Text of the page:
Read through books or websites that list all college majors and make a list of those that may interest you to organize your college search and plan visits. The College Board Index of Majors and Barron’s Profile of American Colleges both include indexes organized by majors.
Ideally, your final list should include about 12 schools: four Likelies, four Target schools, and four Reach schools. If you are worried, you can always add a Likely. However, for every Reach school on your list, I strongly recommend you have at least one Likely school to balance it out. It is fine to have more Likelies and Targets than Reaches, but not the other way around. In order for a college to be in the Likely category, you need to make absolutely sure that you are comfortably above the school’s ranges for both GPA and standardized test scores. Falling in the middle of a school’s range means that it is a Target school, and not a Likely—they are two different categories.
When you find and visit a college that you love, ask current students what specifically drew them to the school and where else they applied. Also ask how they eventually decided on the final school. This is a great way to get ideas of other schools that likely have a lot in common with the one you like, and may even help make your final choice.
Here are some tools you can use to assist you in making a list:
- National Survey of Student Engagement - NSSE developed a FREE pocket guide to help students choose a college.
- Naviance. I really like to use Naviance’s scattergram function. Keep in mind that your high school must have an account with Naviance in order to gain access to the information about students in your school.
Note that you do NOT have to apply (and probably should not apply) to the same schools as your friends. In fact, you might feel a whole lot less nervous if you applied to several colleges that don’t usually receive applications from people in your high school. Colleges try to create diversity by accepting students from all over the country and the world, so you only help yourself when you distinguish and differentiate yourself from students within your own high school. And with thousands of college options, I always recommend expanding your horizons if that is something available to you financially.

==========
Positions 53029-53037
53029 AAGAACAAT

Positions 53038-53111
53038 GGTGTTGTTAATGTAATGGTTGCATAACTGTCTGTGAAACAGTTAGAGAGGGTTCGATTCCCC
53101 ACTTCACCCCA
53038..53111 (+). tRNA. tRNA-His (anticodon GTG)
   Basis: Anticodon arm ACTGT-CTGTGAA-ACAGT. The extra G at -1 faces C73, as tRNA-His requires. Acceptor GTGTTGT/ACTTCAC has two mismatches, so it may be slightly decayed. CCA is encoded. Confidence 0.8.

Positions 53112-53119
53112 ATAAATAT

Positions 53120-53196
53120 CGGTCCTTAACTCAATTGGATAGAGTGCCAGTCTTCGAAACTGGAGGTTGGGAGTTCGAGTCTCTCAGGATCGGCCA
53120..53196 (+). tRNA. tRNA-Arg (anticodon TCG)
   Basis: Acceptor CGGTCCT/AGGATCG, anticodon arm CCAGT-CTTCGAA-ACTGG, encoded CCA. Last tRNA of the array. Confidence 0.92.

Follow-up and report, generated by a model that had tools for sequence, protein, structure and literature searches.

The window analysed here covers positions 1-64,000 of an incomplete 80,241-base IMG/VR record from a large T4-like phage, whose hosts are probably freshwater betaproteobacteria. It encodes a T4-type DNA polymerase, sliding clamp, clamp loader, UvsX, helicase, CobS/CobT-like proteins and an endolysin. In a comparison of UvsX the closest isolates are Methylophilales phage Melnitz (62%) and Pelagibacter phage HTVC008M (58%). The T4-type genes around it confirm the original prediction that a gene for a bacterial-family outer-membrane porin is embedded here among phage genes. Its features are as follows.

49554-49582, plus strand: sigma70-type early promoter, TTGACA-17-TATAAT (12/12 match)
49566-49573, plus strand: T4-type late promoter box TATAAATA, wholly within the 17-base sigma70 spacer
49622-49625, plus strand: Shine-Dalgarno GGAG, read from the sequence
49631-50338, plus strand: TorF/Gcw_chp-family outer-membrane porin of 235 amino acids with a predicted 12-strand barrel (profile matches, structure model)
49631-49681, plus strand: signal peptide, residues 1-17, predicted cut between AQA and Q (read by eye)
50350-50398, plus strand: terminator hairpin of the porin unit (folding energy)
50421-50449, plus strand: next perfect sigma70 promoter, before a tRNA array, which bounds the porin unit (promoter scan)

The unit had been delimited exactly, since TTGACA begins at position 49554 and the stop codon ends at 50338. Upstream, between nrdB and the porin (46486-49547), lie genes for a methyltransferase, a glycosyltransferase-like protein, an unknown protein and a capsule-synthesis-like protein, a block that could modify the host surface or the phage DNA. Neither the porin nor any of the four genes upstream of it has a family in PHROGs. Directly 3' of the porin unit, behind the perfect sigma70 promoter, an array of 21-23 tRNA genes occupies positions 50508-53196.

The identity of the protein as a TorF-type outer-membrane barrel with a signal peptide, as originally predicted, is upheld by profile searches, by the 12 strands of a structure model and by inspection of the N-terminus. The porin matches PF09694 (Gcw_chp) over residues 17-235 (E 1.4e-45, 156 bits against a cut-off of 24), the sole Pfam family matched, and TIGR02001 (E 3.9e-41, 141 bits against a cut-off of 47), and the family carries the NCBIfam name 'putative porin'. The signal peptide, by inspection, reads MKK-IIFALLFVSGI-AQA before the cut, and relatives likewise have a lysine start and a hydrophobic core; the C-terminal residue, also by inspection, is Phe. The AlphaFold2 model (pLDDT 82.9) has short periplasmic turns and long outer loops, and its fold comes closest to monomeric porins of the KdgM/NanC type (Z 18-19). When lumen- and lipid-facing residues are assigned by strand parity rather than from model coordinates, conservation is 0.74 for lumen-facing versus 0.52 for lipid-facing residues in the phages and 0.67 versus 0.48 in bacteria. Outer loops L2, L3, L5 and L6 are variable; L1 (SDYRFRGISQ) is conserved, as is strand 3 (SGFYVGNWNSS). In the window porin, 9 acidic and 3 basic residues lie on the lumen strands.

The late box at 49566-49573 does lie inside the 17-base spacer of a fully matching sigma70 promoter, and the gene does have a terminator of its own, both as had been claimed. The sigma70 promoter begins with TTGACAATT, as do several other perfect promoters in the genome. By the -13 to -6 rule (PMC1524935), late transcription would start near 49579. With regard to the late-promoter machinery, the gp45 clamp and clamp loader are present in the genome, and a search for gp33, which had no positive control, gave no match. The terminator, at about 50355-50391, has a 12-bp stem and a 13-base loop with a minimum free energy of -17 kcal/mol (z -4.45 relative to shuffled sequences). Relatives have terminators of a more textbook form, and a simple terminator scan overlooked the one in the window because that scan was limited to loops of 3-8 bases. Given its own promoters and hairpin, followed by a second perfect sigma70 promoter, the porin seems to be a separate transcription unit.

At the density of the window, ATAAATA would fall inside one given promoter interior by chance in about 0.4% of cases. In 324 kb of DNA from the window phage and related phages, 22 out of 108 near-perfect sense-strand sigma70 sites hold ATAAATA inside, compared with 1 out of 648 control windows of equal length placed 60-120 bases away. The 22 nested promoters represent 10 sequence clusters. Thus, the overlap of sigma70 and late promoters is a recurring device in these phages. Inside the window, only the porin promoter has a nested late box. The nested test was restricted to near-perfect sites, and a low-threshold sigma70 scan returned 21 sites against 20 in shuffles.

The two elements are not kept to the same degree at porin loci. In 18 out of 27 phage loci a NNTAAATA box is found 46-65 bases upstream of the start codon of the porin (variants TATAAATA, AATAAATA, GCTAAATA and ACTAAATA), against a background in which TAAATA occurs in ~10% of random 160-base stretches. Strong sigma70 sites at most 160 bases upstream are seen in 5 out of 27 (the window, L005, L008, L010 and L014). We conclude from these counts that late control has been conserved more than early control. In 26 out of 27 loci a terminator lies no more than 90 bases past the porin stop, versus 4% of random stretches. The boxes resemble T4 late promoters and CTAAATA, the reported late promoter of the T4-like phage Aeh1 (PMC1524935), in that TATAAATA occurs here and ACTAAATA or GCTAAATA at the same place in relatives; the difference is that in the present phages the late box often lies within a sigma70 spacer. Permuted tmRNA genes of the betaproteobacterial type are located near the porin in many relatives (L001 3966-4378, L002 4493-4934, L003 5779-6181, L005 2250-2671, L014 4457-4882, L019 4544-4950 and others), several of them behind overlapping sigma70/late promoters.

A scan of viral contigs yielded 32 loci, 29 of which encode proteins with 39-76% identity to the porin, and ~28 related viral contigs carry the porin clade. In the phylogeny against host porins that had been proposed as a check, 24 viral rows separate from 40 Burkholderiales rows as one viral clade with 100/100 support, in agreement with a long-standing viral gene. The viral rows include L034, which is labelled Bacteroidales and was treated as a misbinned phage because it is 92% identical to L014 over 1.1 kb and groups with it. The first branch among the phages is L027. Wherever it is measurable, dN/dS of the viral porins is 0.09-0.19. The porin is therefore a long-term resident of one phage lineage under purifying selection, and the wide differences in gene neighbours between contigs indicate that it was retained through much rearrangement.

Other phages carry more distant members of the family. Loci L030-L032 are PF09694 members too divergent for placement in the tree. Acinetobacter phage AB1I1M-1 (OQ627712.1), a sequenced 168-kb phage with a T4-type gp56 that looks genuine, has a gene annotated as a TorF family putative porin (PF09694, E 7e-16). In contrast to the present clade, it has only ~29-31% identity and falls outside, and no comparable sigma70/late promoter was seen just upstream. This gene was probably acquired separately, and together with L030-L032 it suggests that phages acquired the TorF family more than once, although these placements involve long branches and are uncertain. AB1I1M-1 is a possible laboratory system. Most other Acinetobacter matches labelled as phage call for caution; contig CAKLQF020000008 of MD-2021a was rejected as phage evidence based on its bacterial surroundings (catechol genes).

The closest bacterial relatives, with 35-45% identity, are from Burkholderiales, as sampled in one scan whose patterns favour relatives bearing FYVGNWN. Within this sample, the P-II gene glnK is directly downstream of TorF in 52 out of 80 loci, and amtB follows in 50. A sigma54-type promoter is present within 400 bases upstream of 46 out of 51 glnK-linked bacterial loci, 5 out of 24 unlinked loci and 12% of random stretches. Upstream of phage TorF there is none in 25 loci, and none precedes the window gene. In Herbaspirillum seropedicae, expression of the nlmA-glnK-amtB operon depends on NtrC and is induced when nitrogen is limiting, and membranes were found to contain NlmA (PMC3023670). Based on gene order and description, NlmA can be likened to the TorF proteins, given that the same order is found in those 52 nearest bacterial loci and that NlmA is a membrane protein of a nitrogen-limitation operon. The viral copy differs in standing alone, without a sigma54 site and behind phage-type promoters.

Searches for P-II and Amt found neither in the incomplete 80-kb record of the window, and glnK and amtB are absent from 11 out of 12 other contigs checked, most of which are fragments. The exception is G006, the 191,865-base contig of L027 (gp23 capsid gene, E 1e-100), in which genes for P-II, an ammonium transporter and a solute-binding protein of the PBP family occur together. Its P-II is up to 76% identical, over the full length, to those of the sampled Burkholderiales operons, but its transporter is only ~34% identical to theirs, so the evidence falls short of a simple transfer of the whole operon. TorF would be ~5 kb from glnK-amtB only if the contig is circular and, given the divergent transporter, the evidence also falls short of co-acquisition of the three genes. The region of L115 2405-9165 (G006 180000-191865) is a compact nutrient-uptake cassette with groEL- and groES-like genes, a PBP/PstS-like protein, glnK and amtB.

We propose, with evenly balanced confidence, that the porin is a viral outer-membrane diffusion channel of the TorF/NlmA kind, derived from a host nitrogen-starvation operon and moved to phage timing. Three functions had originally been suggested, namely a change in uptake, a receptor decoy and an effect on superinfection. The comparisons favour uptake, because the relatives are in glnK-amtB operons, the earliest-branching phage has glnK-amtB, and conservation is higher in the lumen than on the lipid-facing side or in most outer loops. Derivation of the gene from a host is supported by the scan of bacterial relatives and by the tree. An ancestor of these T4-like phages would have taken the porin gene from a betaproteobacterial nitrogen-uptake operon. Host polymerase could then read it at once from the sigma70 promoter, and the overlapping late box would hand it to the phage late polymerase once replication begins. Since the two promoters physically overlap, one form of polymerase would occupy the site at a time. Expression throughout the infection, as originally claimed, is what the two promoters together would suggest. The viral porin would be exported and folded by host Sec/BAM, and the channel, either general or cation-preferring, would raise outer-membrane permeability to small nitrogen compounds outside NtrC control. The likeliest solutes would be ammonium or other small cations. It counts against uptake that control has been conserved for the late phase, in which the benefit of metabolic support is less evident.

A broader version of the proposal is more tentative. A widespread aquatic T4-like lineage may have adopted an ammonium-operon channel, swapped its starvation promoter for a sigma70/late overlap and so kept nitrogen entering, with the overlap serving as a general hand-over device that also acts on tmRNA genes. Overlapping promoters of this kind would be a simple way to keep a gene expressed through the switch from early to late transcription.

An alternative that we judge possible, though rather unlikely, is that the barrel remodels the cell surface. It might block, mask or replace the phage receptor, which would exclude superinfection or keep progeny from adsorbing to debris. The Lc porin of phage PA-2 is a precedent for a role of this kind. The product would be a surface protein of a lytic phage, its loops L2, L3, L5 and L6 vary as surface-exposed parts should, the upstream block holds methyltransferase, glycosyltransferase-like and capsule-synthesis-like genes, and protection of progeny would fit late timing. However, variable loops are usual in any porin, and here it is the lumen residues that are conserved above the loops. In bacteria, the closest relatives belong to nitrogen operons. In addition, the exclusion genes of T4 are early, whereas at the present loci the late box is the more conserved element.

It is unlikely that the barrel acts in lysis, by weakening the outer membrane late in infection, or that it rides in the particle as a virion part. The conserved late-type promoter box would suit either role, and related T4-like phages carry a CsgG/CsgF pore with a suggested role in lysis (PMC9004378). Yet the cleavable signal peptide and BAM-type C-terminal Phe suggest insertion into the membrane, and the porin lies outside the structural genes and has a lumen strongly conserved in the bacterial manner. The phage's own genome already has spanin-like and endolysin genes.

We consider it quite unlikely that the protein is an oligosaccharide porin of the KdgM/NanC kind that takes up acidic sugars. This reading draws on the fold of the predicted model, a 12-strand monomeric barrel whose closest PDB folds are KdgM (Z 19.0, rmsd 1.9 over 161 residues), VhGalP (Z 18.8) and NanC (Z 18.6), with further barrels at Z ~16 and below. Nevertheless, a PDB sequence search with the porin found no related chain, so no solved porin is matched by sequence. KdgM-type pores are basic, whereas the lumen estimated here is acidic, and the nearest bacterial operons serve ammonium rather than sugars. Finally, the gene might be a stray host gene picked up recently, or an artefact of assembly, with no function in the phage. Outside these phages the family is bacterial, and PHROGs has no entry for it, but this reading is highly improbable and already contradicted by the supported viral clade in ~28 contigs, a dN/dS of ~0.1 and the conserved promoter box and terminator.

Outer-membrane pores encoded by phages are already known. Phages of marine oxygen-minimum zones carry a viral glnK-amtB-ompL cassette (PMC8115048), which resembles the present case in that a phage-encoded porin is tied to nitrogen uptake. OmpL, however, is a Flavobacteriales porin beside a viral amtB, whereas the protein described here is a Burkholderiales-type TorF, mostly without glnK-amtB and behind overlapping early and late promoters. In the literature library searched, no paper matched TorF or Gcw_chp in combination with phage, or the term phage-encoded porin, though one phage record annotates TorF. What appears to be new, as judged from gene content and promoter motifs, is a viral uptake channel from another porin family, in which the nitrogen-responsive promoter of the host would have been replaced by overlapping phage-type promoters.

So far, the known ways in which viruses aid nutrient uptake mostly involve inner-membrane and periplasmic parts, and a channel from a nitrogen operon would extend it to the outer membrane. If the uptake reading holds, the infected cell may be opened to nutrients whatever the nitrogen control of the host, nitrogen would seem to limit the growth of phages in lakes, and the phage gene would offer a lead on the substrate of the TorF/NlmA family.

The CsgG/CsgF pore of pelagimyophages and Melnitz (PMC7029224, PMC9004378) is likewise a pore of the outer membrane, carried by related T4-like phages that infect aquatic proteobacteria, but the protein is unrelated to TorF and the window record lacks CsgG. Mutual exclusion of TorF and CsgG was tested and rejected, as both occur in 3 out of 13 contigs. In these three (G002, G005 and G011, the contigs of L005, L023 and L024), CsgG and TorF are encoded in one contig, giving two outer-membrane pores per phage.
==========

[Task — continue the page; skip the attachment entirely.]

Remember that you are selecting a handful of colleges from literally thousands—don’t settle.
*Jill Madenberg has worked in the college admissions field since 1993, as a high school guidance counselor, college admissions representative, and an independent college consultant. She demystifies the college process for students and their parents to ease their anxiety, encouraging them to embrace the journey together. A nationally recognized college expert and co-author of “Love the Journey to College," Jill has been interviewed for articles in The New York Times, The Wall Street Journal, Washington Post, Seventeen Magazine and USA Today, and for features on National Public Radio and Fox News. Jill is also a longtime member of multiple professional organizations, was trained at the Harvard Summer Institute on College Admissions, and earned her master’s degree in counseling and guidance Summa Cum Laude from New York University. To learn more about Jill, please visit her website - https://www.jillmadenberg.com